By Barrett Seaman
There are those who see the COVID-19 pandemic in the darkest of terms. The eminent physicist who also worked for decades in epidemiology, Dr. Richard L. Garwin, now 92 and living in Scarsdale, predicts the effects will be “much worse than the Great Depression.” There is a small minority, including thoughtful residents of the rivertowns, who may not disagree with that conclusion but question whether it had to be this way.
In addition to noting the high rates of infection and death during both the SARS and H1N1 epidemics, when no comparably extreme measures were taken in the U.S., these skeptics contend that the failure to be prepared to do widespread testing and the related failure to concentrate extreme precautions on the most vulnerable citizens—seniors over 70 and those with compromised immune systems, left governments with few options beyond a broad brush suppression of economic and social activity.
“When I look at the available facts,” says retired attorney Pat Gilmartin of Irvington, “the damage being done to our economy and social interactions by the draconian steps now in vogue, the statistics about flu, and see that South Korea has managed to control the virus without bringing millions of its citizens to the brink of bankruptcy, and watch the Wall Street traders have a feast because of the volatility caused by the actions taken and/or contemplated, I find myself wishing for a Maggie Thatcher who could inspire – or order — the nation to keep calm and carry on.”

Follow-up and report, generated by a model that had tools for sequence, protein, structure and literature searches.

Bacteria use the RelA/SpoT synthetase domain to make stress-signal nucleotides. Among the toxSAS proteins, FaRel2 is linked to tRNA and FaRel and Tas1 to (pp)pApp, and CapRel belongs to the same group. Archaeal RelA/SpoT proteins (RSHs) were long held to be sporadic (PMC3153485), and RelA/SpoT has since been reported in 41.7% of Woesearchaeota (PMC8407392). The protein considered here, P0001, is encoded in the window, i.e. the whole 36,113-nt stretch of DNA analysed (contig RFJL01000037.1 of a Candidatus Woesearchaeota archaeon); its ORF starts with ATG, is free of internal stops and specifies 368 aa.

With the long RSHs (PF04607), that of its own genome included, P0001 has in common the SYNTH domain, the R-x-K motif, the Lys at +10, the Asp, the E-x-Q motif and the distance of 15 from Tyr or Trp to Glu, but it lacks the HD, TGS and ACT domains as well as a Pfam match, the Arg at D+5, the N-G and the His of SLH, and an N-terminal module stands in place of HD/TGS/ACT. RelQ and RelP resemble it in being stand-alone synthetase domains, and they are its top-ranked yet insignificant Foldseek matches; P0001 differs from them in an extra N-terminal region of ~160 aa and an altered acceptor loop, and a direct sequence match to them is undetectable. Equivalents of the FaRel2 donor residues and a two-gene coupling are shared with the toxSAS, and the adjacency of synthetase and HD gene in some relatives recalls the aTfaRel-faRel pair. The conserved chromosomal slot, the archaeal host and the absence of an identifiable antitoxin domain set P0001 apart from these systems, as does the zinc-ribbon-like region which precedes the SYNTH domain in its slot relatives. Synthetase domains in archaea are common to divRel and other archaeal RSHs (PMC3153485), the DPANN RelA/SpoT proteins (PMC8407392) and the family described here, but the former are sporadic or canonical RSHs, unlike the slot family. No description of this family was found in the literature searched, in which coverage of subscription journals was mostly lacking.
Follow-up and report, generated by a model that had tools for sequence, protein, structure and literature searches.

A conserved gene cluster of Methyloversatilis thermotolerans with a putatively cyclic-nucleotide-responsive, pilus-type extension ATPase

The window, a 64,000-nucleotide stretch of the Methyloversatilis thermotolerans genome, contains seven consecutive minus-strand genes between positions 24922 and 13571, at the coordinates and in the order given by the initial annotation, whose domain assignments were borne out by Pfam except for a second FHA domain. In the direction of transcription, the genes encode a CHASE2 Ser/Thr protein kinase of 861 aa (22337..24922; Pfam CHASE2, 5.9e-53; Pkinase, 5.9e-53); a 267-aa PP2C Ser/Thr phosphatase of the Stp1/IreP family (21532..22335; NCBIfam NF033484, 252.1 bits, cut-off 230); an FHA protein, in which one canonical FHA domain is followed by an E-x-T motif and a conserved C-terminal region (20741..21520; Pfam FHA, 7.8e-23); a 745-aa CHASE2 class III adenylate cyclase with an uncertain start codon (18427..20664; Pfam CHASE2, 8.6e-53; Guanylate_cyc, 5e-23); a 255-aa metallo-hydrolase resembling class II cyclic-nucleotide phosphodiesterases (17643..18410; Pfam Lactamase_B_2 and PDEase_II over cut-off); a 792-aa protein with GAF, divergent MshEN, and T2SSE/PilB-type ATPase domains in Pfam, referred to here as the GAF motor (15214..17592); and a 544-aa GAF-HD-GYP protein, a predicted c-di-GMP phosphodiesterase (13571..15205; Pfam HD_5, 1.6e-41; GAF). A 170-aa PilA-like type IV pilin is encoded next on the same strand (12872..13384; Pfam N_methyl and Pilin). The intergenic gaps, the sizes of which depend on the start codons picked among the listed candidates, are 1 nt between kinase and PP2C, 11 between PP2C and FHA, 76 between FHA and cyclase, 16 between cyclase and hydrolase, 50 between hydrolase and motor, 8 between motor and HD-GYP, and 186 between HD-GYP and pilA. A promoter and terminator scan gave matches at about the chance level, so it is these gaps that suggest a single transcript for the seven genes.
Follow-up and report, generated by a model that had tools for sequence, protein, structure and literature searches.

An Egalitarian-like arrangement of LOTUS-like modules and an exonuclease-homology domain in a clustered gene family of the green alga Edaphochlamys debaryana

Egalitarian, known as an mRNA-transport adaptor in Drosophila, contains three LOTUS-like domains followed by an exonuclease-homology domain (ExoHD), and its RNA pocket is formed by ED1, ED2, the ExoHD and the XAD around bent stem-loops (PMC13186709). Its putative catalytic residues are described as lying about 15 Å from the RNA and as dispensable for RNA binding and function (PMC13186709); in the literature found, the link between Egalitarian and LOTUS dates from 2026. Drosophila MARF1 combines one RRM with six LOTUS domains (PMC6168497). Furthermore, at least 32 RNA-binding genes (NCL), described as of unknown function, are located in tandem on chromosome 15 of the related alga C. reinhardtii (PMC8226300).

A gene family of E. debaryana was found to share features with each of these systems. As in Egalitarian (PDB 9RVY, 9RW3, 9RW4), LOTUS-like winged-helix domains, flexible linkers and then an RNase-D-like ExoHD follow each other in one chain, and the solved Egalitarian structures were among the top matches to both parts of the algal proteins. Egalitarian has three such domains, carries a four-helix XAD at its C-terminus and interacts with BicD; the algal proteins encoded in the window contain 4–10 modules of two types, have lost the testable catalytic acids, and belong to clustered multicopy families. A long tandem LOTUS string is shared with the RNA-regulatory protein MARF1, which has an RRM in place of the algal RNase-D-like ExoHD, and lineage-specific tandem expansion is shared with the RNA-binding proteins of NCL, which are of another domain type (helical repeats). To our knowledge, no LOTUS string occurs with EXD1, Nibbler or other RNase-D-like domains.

Wayne Olson, chairman of the Foundation for Economic Education, a libertarian think tank formerly headquartered in Irvington, expresses a similar view: “There seem to be two approaches to the government’s response to the COVID-19 situation: One, the targeted approach where they do aggressive investigation to figure out who’s sick and then quarantine those people, and two, the brute-force approach where they say, let’s not do widespread testing, let’s quarantine everybody and bring the whole economy to a halt.”
There are epidemiological experts who would agree that isolating the most vulnerable, combined with widespread testing of everyone else, and then letting the disease essentially burn itself out would have been an effective strategy. But it is one for which the country was simply not prepared.